Dr. Arthur HADLEY, Appellant, v. WYETH LABORATORIES, INC., Appellee.
Appellant Dr. Arthur Hadley appeals the trial court's order denying his motion for summary judgment and granting the summary judgment motion of appellee Wyeth Laboratories, Inc. In two issues, Dr. Hadley asserts the trial court erred in its summary judgment rulings because, under chapter 82 of the Texas Civil Practice and Remedies Code, he is entitled to indemnity from Wyeth. We affirm.
Patricia A. Emig took the diet drugs Pondimin and Redux and later suffered personal injuries, including damage to her heart. She then sued the drugs' manufacturer, Wyeth, and various doctors who had prescribed her the drugs, including Dr. Hadley. Wyeth and Dr. Hadley moved for summary judgment on the basis of limitations, which the trial court granted.
Dr. Hadley filed a cross-claim for indemnity against Wyeth under chapter 82, claiming he was an innocent seller and therefore entitled to indemnity. Dr. Hadley moved for summary judgment on his cross-claim, arguing he established his entitlement to indemnity as a matter of law. Wyeth then filed its own summary judgment motion, asserting that there was no evidence Dr. Hadley was a “seller” entitled to indemnity and that as a matter of law, he was not entitled to indemnity. The trial court granted Wyeth's motion and denied Dr. Hadley's. This appeal followed.
Standard of Review
The summary judgment movant has the burden to show that no genuine issue of material fact exists and that it is entitled to judgment as a matter of law. Tex. R. Civ. P. 166a(c); Nixon v. Mr. Prop. Mgmt. Co., 690 S.W.2d 546, 548 (Tex.1985). When both sides move for summary judgment and the trial court grants one motion and denies the other, the reviewing court should review the summary judgment evidence presented by both sides and determine all questions presented. Comm'rs Court v. Agan, 940 S.W.2d 77, 81 (Tex.1997). The reviewing court should then render the judgment the trial court should have rendered. Id. We review issues of statutory construction de novo. Guthery v. Taylor, 112 S.W.3d 715, 720 (Tex.App.-Houston [14th Dist.] 2003, no pet.)
This case centers on the definition of “seller” in chapter 82 of the Civil Practice and Remedies Code and whether doctors fall within that definition by prescribing medication. Our objective when construing a statute is to determine and give effect to the legislature's intent. Fitzgerald v. Advanced Spine Fixation Sys., 996 S.W.2d 864, 865 (Tex.1999); Guthery, 112 S.W.3d at 721. To ascertain that intent, we look first to the plain language of the statute. Phillips v. Beaber, 995 S.W.2d 655, 658 (Tex.1999); Guthery, 112 S.W.3d at 721. We presume the legislature acted with complete knowledge of and with reference to existing law. See Phillips, 995 S.W.2d at 658; Beatty v. Holmes, 233 S.W.3d 475, 488 (Tex.App.-Houston [14th Dist.] 2007, pet. granted). If a statute creates a liability unknown at common law, we must strictly construe the statute and will not apply it to cases not clearly within its purview. N.P. v. Methodist Hosp., 190 S.W.3d 217, 223 (Tex.App.-Houston [1st Dist.] 2006, pet. denied).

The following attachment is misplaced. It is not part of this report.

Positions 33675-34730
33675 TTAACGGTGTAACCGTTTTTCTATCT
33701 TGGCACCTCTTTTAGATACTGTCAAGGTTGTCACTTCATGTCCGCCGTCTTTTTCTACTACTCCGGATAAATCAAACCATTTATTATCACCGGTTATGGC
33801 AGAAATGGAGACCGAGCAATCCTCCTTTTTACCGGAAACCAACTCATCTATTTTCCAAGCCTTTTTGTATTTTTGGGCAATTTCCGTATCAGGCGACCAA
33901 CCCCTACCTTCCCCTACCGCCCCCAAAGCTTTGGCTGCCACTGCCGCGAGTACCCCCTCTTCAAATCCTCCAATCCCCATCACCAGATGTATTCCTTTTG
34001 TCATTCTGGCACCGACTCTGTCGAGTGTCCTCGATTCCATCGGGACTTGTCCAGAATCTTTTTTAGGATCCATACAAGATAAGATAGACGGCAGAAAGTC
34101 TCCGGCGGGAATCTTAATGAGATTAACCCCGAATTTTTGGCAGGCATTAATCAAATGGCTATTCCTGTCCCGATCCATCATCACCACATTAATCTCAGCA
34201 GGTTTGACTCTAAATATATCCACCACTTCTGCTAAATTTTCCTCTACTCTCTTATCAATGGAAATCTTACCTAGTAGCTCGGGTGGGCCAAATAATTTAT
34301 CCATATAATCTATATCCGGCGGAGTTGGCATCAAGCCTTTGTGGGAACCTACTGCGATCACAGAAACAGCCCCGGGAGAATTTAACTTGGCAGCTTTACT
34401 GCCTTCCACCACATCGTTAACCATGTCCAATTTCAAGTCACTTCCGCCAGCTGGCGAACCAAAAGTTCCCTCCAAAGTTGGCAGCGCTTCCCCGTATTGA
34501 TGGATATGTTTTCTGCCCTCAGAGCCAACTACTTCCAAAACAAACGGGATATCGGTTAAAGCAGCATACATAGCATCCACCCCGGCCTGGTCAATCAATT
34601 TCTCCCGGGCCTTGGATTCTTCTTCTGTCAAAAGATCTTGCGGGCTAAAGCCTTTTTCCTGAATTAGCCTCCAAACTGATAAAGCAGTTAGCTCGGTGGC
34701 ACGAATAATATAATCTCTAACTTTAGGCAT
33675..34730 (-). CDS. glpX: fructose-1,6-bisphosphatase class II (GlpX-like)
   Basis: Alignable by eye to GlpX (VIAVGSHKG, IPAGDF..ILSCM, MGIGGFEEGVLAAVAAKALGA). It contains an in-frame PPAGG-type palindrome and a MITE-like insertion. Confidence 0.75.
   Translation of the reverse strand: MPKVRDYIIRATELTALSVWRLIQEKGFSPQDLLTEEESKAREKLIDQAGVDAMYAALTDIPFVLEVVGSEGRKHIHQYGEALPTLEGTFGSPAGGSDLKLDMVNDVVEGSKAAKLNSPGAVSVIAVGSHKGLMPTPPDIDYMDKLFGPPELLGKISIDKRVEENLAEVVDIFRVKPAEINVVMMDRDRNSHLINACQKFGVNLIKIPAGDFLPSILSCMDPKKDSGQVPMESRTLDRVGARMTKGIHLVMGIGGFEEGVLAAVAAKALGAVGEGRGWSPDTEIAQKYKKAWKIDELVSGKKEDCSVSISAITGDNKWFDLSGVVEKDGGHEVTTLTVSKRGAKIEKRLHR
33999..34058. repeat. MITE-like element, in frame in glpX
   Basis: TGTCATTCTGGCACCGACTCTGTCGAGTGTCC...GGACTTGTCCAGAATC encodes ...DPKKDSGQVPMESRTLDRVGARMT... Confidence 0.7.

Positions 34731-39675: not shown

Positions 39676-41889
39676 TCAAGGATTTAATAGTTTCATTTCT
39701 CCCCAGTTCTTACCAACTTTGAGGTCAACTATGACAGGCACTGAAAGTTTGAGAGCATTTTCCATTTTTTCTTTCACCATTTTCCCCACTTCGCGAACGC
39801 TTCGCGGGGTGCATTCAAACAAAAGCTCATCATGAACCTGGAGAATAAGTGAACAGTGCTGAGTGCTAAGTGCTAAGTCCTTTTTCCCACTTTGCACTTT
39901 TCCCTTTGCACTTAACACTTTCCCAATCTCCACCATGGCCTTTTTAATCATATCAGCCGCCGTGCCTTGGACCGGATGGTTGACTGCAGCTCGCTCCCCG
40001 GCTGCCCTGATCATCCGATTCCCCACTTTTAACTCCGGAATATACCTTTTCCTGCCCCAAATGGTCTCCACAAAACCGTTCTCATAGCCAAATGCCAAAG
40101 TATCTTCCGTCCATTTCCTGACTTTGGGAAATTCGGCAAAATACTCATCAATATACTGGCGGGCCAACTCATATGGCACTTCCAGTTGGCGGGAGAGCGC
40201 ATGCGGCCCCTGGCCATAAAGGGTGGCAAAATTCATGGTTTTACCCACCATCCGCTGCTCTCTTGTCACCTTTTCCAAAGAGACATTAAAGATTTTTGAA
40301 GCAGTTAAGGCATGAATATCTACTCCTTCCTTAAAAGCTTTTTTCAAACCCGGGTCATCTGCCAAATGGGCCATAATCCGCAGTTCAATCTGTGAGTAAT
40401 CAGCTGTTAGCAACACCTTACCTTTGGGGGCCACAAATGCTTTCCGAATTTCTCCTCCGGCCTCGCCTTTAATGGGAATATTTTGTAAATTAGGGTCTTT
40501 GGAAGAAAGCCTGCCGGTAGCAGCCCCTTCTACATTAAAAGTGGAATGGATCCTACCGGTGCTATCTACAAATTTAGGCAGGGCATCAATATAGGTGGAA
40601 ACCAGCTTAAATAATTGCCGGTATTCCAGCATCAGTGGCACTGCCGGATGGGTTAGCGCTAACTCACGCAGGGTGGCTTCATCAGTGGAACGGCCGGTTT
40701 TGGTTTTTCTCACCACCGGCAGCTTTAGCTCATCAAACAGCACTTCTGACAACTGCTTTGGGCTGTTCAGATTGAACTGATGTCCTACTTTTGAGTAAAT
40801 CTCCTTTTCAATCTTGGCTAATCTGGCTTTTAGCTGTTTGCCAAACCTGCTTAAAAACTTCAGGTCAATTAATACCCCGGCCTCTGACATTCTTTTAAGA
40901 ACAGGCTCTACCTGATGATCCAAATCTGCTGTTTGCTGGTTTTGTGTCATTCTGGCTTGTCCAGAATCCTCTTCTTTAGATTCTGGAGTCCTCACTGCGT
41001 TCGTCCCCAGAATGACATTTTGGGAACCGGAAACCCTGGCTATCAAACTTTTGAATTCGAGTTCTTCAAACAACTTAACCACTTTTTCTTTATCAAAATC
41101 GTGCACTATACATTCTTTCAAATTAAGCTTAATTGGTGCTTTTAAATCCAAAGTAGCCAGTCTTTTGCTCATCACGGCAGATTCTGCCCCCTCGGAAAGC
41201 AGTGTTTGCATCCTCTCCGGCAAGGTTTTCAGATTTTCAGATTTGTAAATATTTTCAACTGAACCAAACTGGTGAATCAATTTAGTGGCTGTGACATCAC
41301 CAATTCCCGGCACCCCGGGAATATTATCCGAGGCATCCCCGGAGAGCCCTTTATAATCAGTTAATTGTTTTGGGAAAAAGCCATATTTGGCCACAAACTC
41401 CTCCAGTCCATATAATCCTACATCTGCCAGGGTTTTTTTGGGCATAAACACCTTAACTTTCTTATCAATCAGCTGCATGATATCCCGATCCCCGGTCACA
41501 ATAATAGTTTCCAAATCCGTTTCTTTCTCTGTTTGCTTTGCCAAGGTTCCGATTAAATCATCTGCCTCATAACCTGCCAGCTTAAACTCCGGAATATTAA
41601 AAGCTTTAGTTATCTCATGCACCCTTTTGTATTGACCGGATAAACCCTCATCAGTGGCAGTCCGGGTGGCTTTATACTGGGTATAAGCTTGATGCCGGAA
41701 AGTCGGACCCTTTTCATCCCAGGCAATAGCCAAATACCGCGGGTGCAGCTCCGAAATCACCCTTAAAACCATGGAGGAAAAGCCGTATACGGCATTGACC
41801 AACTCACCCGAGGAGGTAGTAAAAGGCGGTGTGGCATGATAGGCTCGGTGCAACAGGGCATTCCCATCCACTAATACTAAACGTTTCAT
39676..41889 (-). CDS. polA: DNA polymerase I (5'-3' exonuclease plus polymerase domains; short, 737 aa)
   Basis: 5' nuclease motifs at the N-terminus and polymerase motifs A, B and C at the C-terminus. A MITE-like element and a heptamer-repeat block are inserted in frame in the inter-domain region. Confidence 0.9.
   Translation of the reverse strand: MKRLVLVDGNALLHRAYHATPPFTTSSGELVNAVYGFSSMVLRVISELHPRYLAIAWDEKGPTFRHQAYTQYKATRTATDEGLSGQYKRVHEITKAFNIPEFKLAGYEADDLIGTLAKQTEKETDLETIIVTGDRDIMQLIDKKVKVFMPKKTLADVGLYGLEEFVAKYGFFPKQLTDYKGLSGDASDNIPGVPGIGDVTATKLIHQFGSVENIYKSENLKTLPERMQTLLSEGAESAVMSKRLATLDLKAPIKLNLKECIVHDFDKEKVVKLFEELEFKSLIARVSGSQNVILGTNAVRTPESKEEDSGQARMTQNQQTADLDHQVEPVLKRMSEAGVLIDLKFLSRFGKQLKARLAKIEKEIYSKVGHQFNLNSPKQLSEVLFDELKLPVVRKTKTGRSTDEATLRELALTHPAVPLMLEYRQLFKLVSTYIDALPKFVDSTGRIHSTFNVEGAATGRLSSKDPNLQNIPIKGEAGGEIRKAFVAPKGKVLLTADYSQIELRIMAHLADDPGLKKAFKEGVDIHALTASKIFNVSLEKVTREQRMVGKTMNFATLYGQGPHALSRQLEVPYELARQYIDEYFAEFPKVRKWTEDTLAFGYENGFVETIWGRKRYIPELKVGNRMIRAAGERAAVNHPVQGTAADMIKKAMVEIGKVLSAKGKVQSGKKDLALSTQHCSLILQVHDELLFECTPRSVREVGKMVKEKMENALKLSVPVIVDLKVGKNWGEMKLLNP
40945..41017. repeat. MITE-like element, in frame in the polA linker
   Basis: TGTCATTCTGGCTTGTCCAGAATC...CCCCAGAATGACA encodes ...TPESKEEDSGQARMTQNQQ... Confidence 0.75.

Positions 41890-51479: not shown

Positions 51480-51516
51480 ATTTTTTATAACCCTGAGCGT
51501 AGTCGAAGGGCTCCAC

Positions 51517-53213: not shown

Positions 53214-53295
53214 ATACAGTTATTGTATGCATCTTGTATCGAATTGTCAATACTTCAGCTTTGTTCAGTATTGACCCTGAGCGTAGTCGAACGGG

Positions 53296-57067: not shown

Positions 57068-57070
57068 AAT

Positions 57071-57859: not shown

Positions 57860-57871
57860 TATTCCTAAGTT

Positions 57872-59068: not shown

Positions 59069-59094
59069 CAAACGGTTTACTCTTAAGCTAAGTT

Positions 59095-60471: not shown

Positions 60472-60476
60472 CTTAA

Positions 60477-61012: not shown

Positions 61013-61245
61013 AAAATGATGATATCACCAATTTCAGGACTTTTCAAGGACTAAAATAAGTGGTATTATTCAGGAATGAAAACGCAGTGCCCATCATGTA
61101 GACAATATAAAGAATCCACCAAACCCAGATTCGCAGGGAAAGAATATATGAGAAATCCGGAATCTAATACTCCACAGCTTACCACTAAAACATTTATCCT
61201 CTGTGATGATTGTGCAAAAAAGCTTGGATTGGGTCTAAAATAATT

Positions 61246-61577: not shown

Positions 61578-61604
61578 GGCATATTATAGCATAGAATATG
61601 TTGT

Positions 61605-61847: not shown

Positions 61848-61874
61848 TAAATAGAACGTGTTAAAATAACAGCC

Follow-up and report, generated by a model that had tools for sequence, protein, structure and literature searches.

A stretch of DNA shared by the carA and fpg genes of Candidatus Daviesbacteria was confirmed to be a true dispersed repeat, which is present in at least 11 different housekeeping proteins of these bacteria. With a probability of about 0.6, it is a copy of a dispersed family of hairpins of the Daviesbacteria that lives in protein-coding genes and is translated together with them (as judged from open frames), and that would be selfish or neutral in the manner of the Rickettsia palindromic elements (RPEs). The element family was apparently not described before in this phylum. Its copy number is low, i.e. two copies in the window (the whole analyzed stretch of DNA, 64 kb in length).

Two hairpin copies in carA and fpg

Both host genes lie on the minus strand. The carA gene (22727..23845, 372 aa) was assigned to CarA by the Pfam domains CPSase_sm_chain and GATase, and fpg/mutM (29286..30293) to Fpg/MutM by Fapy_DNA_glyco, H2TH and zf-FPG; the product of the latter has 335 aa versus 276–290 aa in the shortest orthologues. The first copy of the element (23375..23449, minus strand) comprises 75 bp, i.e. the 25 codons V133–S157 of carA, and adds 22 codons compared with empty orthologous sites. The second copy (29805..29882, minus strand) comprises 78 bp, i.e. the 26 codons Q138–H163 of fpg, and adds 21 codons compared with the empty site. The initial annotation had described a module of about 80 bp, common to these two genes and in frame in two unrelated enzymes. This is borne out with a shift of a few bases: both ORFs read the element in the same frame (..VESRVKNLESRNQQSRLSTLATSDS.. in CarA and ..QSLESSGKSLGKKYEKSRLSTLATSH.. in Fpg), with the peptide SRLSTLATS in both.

Section 82.002(a) grants a seller indemnity rights against a manufacturer as follows:
A manufacturer shall indemnify and hold harmless a seller against loss arising out of a products liability action, except for any loss caused by the seller's negligence, intentional misconduct, or other act or omission, such as negligently modifying or altering the product, for which the seller is independently liable.
Tex. Civ. Prac. & Rem. Code Ann. § 82.002(a) (Vernon 2005). A seller is defined as
a person who is engaged in the business of distributing or otherwise placing, for any commercial purpose, in the stream of commerce for use or consumption a product or any component part thereof.
Id. § 82.001(3).
In his first issue, Dr. Hadley contends the trial court erred in denying his motion for summary judgment because he is a seller under chapter 82 as a matter of law. Under the common law, doctors are not considered sellers for products liability purposes. The common law definition of seller is someone “engaged in the business of selling” products. New Tex. Auto Auction Servs., L.P. v. Gomez De Hernandez, 249 S.W.3d 400, 403 (Tex.2008); Fitzgerald, 996 S.W.2d at 867. Courts have routinely held that doctors are engaged in the practice of providing medical services and even if they use products or prescribed drugs as part of this process, the essential nature of the relationship is still a professional, medical one. See Cobb v. Dallas Fort Worth Med. Ctr., 48 S.W.3d 820, 826-27 (Tex.App.-Waco 2001, no pet.); Easterly v. HSP of Tex., Inc., 772 S.W.2d 211, 213 (Tex.App.-Dallas 1989, no writ); Nevauex v. Park Place Hosp., Inc., 656 S.W.2d 923, 926 (Tex.App.-Beaumont 1983, writ ref'd n.r.e.). As long as the use of the product is intimately and inseparably connected with the provision of medical services and is not available for sale to the general public, a doctor cannot be liable for products liability. See Cobb, 48 S.W.3d at 826-27; Easterly, 772 S.W.2d at 213; Nevauex, 656 S.W.2d at 926; see also Walden v. Jeffery, 907 S.W.2d 446, 448 (Tex.1995).